• Teaching Phonics to Adult Students Using Job Relevant Reading Materials

      Stridiron, Andrea R.; The College at Brockport (1998-08-01)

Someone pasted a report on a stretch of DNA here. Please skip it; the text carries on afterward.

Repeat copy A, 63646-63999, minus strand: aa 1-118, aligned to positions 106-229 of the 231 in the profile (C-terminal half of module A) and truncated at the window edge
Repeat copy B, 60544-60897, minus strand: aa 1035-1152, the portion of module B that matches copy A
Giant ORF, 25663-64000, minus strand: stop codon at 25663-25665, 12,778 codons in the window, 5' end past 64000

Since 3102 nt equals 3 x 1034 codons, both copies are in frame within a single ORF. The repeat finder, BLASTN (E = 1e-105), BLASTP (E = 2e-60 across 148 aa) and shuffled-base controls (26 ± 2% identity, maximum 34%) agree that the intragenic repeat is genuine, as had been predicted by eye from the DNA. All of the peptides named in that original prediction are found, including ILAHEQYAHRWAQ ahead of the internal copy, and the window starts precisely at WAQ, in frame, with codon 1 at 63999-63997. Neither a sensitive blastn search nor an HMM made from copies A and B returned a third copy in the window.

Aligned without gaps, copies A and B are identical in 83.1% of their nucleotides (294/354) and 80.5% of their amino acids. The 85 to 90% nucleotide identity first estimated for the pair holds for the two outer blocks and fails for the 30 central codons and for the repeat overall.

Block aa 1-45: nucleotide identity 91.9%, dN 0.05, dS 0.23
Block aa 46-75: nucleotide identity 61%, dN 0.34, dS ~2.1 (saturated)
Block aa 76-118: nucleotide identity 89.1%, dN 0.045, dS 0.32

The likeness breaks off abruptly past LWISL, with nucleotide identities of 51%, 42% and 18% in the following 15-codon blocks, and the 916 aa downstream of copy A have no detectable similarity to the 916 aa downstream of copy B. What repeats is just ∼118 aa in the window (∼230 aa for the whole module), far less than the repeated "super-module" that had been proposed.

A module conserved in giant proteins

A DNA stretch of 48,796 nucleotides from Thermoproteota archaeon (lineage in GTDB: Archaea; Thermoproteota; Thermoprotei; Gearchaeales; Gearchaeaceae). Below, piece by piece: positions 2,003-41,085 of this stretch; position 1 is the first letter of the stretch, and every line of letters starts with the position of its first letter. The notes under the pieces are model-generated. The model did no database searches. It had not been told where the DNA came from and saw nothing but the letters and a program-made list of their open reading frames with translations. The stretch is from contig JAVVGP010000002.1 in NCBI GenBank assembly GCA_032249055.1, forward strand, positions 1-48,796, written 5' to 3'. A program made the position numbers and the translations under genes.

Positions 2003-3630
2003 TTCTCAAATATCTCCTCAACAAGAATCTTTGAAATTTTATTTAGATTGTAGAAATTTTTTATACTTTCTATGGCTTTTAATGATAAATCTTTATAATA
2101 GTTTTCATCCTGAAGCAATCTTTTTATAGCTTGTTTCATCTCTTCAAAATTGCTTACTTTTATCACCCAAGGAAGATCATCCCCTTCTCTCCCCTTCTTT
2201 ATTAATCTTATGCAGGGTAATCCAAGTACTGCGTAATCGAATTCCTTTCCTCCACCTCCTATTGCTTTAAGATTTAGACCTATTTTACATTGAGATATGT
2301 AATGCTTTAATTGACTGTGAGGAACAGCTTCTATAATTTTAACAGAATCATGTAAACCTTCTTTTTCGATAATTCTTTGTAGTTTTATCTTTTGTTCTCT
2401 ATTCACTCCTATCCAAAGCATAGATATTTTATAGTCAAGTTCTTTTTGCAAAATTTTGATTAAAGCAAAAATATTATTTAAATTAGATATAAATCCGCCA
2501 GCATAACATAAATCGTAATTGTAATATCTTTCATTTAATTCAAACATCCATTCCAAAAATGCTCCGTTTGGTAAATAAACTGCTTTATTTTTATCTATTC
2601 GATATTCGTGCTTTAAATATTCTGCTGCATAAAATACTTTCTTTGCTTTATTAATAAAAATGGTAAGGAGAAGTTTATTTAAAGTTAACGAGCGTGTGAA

When adult students make the decision to return to school after being away a year or more, they may have forgotten many skills, rules and/or generalizations of reading that will be crucial for their success in the work force. One of these is phonics. Many students have forgotten basic phonics rules. This has prevented them from reading for pleasure, but more importantly, it has kept them from being successful on the job. It keeps them from reading and following simple instructions or understanding written memos from their supervisors or fellow workers. Lack of following directions can lead to accidents and unproductivity, and may eventually cost them their job. This study asked the question: Will teaching phonics to adult students help improve their comprehension skills so that they might better perform their responsibilities while on the job? Phonics instruction was given daily to a study group of 13 women and 1 man from an inner city ABE/GED program. Prior to instruction, the study group was administered the pre-test of the Bader Reading and Language Inventory phonics subtest and the TABE comprehension sub test. Instruction lasted for a period of seven weeks. Job relevant materials such as the classified ads in the local newspaper were used because it helped to keep the students motivated. (Most of these students will be entering the job market in the next year or two). After seven weeks of phonics instruction, the study group was administered phonics and comprehension post-tests. A control group from another inner city ABE/GED program was selected consisting of 11 women. The same pre-tests were administered. This group did not receive any phonics instruction. There was no statistical difference between the study and control groups on the pre-tests. When administered the post-tests, both groups made gains, however, the control group performed somewhat better than the study group.